Strengths Based Development & SWOTH Analysis

Posted & filed under HR Elevated.

Over the years, I’ve worked closely with individuals who feel stalled in their development and the value they provide. One common theme among them was that they and their leaders had focused on overcoming their weaknesses. In the end, however, this approach seemed to have a paralyzing effect on the individual and a biasing effect on their leader. It was almost as if everyone had forgotten why the individual had been hired in the first place—their experience and strengths, including their knowledge, skills and abilities. So in each case, we decided to try a different tactic and change our paradigm to focus first on the individual’s strengths—strengths-based development.


Strengths-based development doesn’t mean we neglect the individual’s weaknesses. Rather it means we begin with what makes the person valuable and build from there.


While there are a variety of ways to engage in strengths-based development, we will begin our approach with a personal SWOTH analysis. Much like its predecessor, the business SWOT analysis, SWOTH analysis provides a balanced view of the individual as it looks at Strengths, Weaknesses, and Opportunities.


The difference between the SWOTH analysis and its older business sibling (SWOT) is that Threats include Hurdles, because for most of us the biggest threats to our success are the obstacles or hurdles created by our own bad habits and limited perspectives.


Therefore, the first step in this approach is to complete a personal SWOTH analysis for ourselves and to ask our direct leader or a close friend to also complete one reflecting their understanding of us.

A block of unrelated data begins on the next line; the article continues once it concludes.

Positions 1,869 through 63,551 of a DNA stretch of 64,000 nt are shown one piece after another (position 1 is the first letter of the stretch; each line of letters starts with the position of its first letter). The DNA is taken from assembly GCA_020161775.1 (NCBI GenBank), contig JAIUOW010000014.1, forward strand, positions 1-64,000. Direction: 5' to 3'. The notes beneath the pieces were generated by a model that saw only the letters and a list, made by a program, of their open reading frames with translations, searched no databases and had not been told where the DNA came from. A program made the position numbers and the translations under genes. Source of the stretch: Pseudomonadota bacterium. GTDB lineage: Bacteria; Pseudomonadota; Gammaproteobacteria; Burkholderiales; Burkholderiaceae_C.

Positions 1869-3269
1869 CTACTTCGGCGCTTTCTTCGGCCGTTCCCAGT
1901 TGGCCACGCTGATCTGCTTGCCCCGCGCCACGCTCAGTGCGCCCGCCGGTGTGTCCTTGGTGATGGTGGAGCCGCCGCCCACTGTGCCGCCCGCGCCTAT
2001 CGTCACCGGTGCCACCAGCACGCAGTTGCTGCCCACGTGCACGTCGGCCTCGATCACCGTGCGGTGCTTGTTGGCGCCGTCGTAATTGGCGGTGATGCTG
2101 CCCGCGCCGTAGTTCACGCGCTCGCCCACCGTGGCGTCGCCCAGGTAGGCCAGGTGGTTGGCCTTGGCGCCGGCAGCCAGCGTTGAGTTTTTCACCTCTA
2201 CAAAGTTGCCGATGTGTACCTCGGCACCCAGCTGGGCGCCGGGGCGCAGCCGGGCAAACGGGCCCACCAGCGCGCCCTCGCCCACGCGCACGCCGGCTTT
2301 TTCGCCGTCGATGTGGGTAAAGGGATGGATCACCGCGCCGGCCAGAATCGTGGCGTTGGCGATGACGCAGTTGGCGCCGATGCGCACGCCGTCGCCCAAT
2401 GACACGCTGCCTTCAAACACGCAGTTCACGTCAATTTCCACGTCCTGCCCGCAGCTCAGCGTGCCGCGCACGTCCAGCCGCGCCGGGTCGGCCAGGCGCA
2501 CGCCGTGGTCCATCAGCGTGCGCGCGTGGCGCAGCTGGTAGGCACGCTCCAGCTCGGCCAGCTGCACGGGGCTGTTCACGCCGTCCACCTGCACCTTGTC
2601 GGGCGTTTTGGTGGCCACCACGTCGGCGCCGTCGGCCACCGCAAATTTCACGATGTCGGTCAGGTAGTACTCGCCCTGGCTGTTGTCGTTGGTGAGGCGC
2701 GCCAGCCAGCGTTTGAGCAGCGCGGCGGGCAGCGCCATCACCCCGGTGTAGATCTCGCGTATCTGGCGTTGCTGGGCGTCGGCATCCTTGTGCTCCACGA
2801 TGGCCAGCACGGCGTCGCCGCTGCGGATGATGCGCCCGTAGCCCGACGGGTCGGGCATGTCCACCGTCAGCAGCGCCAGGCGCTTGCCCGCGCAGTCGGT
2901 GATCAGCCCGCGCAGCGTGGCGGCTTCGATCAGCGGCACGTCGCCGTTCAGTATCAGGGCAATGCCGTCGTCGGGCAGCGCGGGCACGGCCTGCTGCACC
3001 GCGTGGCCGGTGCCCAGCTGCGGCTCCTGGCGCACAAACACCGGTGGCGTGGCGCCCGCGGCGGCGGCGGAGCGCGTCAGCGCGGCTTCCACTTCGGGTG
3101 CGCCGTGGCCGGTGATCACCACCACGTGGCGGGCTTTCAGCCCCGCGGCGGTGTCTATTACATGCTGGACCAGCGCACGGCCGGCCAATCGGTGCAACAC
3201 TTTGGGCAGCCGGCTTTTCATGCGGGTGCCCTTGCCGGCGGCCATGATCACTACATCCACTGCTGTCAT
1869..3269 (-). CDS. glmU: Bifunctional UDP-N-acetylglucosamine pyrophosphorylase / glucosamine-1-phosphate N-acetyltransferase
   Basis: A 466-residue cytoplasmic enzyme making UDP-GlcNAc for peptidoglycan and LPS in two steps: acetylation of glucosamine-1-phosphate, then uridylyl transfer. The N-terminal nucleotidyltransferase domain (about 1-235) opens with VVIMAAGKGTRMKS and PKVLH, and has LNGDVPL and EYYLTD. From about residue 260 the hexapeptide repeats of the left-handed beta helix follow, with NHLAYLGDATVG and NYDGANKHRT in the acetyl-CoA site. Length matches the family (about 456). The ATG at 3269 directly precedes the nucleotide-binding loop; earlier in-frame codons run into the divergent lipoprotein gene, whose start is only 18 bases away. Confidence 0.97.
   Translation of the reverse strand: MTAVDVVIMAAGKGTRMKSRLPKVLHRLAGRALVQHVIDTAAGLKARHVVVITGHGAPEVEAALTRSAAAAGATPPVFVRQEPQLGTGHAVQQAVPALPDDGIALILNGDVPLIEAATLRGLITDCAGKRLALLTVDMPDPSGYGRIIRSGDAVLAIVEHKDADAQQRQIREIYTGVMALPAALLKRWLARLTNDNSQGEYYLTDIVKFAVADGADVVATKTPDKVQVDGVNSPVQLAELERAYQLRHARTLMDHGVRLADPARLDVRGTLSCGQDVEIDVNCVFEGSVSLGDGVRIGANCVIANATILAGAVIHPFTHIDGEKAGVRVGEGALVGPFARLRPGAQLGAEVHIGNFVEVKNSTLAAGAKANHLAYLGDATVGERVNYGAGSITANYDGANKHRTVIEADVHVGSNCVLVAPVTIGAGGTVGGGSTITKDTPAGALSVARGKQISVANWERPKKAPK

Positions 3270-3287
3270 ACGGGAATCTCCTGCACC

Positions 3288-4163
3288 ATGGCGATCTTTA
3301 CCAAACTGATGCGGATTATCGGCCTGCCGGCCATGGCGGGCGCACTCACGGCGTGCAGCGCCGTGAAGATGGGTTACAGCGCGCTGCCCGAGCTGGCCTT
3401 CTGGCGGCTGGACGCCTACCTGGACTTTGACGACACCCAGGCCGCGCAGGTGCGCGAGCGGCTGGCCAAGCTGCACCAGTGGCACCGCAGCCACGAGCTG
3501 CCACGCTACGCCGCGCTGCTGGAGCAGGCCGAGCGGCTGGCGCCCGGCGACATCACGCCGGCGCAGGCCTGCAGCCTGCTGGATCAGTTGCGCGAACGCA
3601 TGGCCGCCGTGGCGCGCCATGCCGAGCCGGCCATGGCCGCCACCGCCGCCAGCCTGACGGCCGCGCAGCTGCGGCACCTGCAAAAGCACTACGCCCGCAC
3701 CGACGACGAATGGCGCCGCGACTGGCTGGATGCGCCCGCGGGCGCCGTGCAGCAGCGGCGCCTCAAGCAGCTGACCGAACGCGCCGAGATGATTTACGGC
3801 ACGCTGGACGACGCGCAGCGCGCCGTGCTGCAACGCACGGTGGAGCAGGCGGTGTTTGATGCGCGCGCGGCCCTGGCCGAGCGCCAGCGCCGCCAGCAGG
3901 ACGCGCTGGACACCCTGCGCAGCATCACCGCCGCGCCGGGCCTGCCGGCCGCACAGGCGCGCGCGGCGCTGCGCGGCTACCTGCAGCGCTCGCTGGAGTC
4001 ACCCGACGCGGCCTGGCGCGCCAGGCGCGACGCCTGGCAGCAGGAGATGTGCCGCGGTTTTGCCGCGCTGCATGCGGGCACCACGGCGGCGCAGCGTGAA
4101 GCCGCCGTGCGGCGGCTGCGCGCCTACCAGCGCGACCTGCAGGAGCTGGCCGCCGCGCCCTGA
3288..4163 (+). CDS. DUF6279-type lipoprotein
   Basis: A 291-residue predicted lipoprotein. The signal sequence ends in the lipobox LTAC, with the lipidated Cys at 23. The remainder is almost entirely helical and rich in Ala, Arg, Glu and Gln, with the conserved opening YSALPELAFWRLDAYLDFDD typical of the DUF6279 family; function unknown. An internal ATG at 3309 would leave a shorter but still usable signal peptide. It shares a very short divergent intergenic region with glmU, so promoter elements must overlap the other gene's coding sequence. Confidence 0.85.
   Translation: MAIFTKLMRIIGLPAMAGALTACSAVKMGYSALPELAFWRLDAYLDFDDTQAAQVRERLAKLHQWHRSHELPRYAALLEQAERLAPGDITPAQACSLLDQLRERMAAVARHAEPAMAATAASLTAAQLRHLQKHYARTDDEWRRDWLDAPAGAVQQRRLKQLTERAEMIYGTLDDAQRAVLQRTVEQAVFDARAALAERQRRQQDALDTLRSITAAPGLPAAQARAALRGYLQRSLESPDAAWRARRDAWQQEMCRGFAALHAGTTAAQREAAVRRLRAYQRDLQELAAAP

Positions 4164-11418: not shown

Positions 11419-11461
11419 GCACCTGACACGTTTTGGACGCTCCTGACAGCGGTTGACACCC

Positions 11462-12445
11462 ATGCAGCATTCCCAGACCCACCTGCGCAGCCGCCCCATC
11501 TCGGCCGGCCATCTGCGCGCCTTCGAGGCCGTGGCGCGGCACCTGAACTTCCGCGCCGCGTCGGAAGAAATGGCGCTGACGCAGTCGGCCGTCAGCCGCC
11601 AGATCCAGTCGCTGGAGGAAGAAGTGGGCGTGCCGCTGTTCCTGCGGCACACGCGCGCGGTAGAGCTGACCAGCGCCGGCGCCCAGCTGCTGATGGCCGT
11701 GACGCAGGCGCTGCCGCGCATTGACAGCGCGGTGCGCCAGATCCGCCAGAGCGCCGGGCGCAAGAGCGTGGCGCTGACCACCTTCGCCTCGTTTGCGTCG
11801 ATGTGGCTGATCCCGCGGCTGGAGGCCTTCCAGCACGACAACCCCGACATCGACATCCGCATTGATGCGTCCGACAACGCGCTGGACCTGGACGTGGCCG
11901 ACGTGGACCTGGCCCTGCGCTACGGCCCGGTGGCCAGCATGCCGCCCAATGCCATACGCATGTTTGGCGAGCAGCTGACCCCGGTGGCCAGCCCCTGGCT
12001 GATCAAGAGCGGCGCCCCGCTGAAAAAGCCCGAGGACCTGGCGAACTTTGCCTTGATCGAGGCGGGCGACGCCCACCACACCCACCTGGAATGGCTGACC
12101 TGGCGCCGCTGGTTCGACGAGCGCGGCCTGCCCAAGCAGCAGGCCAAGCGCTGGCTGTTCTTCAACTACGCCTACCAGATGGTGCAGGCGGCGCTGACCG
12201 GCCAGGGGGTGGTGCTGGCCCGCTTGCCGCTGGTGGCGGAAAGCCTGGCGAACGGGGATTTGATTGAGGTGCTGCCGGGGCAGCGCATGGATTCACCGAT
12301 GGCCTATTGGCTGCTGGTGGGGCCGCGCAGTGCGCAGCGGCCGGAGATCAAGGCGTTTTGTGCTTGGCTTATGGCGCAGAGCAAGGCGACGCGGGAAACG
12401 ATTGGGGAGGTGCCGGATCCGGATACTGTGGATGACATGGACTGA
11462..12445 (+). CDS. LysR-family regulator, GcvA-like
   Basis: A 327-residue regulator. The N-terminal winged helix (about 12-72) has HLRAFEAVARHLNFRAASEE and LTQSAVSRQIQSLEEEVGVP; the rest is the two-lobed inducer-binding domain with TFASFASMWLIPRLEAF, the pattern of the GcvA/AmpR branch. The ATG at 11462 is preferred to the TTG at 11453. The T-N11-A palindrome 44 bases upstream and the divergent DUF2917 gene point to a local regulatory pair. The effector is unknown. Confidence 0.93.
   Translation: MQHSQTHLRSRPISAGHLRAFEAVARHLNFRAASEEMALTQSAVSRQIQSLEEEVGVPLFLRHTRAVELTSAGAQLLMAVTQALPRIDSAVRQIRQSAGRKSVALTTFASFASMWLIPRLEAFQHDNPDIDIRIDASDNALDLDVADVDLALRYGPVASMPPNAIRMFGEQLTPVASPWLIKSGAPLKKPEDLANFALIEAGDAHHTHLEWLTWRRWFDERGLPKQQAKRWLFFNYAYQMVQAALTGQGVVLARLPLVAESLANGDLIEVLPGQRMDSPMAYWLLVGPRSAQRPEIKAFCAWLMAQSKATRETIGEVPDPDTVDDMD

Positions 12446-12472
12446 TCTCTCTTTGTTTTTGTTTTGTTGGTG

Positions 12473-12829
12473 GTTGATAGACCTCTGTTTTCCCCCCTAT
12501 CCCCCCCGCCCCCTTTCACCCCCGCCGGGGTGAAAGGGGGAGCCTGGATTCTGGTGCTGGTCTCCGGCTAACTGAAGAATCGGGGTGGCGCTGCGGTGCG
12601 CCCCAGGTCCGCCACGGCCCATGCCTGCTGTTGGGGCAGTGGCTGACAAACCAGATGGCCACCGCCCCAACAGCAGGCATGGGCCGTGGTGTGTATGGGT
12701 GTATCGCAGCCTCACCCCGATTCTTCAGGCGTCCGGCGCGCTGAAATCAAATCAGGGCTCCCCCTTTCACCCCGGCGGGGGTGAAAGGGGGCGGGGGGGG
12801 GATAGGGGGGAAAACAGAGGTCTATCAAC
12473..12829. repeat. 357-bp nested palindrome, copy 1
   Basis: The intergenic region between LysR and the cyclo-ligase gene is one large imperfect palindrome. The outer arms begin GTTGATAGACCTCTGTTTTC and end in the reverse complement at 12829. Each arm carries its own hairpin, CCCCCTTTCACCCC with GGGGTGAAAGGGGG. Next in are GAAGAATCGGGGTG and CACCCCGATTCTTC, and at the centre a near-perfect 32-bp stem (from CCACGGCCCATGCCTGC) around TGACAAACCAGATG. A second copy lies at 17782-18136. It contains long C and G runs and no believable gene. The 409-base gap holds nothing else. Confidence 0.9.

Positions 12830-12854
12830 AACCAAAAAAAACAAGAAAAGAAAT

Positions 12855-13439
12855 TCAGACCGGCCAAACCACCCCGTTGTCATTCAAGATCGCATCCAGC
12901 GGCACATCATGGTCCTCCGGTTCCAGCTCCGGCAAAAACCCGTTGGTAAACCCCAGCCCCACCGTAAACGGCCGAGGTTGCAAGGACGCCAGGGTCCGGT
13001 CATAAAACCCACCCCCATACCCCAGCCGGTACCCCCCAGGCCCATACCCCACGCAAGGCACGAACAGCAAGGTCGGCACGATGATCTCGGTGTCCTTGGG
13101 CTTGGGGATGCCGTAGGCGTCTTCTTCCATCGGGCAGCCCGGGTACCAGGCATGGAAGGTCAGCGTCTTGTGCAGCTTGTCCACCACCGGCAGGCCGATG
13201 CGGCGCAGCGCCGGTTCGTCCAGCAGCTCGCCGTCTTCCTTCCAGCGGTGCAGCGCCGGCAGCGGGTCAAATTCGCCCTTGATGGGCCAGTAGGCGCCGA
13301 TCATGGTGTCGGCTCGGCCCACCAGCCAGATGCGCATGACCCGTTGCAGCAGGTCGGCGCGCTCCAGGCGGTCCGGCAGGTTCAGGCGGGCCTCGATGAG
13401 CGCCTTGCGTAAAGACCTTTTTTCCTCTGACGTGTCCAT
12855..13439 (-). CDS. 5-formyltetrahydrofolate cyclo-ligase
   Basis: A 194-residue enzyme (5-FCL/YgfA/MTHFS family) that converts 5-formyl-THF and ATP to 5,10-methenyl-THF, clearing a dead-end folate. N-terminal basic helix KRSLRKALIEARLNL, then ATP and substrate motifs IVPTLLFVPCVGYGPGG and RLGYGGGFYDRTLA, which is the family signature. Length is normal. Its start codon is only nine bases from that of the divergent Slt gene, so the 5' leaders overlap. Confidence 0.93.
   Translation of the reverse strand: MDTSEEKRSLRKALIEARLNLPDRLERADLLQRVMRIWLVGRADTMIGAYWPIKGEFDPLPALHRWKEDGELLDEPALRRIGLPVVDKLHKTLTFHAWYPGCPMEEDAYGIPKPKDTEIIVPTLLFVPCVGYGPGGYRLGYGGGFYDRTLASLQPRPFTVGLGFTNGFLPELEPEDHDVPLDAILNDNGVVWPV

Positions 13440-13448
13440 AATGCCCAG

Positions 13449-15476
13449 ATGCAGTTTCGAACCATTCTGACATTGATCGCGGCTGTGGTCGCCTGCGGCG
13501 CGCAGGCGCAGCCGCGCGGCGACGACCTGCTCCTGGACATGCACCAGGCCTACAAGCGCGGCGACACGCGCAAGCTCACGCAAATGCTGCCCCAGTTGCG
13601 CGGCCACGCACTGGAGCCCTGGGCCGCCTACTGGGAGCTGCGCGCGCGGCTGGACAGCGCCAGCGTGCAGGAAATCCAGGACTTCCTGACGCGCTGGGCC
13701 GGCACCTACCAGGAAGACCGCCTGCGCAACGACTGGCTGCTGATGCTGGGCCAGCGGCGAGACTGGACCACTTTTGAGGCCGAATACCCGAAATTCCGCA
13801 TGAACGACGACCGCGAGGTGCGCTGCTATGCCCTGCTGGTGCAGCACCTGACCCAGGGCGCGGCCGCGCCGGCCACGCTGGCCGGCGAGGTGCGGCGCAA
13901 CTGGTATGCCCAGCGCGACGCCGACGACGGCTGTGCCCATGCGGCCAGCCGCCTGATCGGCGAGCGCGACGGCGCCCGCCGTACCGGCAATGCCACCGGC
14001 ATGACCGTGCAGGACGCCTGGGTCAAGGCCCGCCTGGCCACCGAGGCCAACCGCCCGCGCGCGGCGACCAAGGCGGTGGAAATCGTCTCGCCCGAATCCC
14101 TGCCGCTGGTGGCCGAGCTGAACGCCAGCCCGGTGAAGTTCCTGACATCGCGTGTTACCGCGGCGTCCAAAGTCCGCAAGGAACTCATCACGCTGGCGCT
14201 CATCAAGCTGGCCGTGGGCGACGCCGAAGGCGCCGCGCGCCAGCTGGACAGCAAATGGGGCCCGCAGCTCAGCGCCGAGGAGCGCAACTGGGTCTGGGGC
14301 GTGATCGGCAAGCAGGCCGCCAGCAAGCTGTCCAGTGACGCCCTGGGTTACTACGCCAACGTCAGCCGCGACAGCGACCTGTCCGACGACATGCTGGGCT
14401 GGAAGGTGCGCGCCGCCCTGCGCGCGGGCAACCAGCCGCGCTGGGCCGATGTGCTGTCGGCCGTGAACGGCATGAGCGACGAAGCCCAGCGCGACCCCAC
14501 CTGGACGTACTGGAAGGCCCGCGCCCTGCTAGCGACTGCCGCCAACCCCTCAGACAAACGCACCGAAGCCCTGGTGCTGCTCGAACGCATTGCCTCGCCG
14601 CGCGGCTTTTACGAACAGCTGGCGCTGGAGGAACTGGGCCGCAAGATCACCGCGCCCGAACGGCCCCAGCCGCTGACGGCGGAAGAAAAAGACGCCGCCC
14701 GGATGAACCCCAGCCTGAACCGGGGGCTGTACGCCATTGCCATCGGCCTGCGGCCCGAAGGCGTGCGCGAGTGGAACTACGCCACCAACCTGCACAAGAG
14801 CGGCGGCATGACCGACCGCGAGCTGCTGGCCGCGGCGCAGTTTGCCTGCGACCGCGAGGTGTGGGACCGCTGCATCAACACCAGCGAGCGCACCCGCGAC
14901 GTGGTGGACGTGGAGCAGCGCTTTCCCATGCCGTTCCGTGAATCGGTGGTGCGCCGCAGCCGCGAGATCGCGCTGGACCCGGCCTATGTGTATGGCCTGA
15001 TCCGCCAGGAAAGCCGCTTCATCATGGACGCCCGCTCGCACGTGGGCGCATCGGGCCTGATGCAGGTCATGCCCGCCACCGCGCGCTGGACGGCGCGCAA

While it is tempting to start with our ever-familiar weaknesses when completing this self-assessment, it is more effective to start with our strengths and to spend a few days revisiting and adding to that list. There are several benefits to this approach. First and foremost, our strengths are the source of our greatest value to ourselves and those whom we serve. No organization ever hires people for their weaknesses; it’s for their strengths. So, a key part of our growth strategy should be to continue to develop and refine our strengths. They provide the foundation for addressing our weaknesses, capitalizing on our opportunities and overcoming our threats/hurdles.


If we have taken sufficient time to create a complete list of our strengths, an interesting phenomenon occurs as we build and review our weaknesses.


Lo and behold, our greatest strengths are also our greatest weaknesses. This is because as human beings, we tend to over-utilize our strengths and they can skew our view of reality and what is the right tool and the right time. As my father counseled, “Beware of the individual walking around with a hammer in their hand. Because to them, everything in life looks like a nail.” Now we all know that this isn’t true. Not every situation calls for a hammer, just as every situation doesn’t call upon our particular set of strengths. Therefore, the first set of weaknesses we can and need to overcome are those that are the result of misapplying our strengths at the wrong time or in the wrong way.

There is also another way in which strengths form the basis for addressing weaknesses and habits. When looking at the rest of our respective weaknesses list and developing a plan to overcome or at a minimum, mitigate each weakness until it becomes very clear that the strengths we each possess actually provide most of the tools we would need to improve. Even as we move on to tackle our opportunities and threats/hurdles.

In the end, it becomes crystal clear that the most effective path to achieving our full potential begins and continues with strengths-based development. What has been your experience?

– Wayne DavisVP of Talent Development




As a Talent Management/HR executive with over 20 years of talent and human resource management experience, I strive to deliver value generating services to internal and external clients. This has provided me with the ability to lead or influence people in developing solutions to achieve higher levels of measurable success. My professional interests are targeted toward helping clients achieve their optimum performance through people solutions.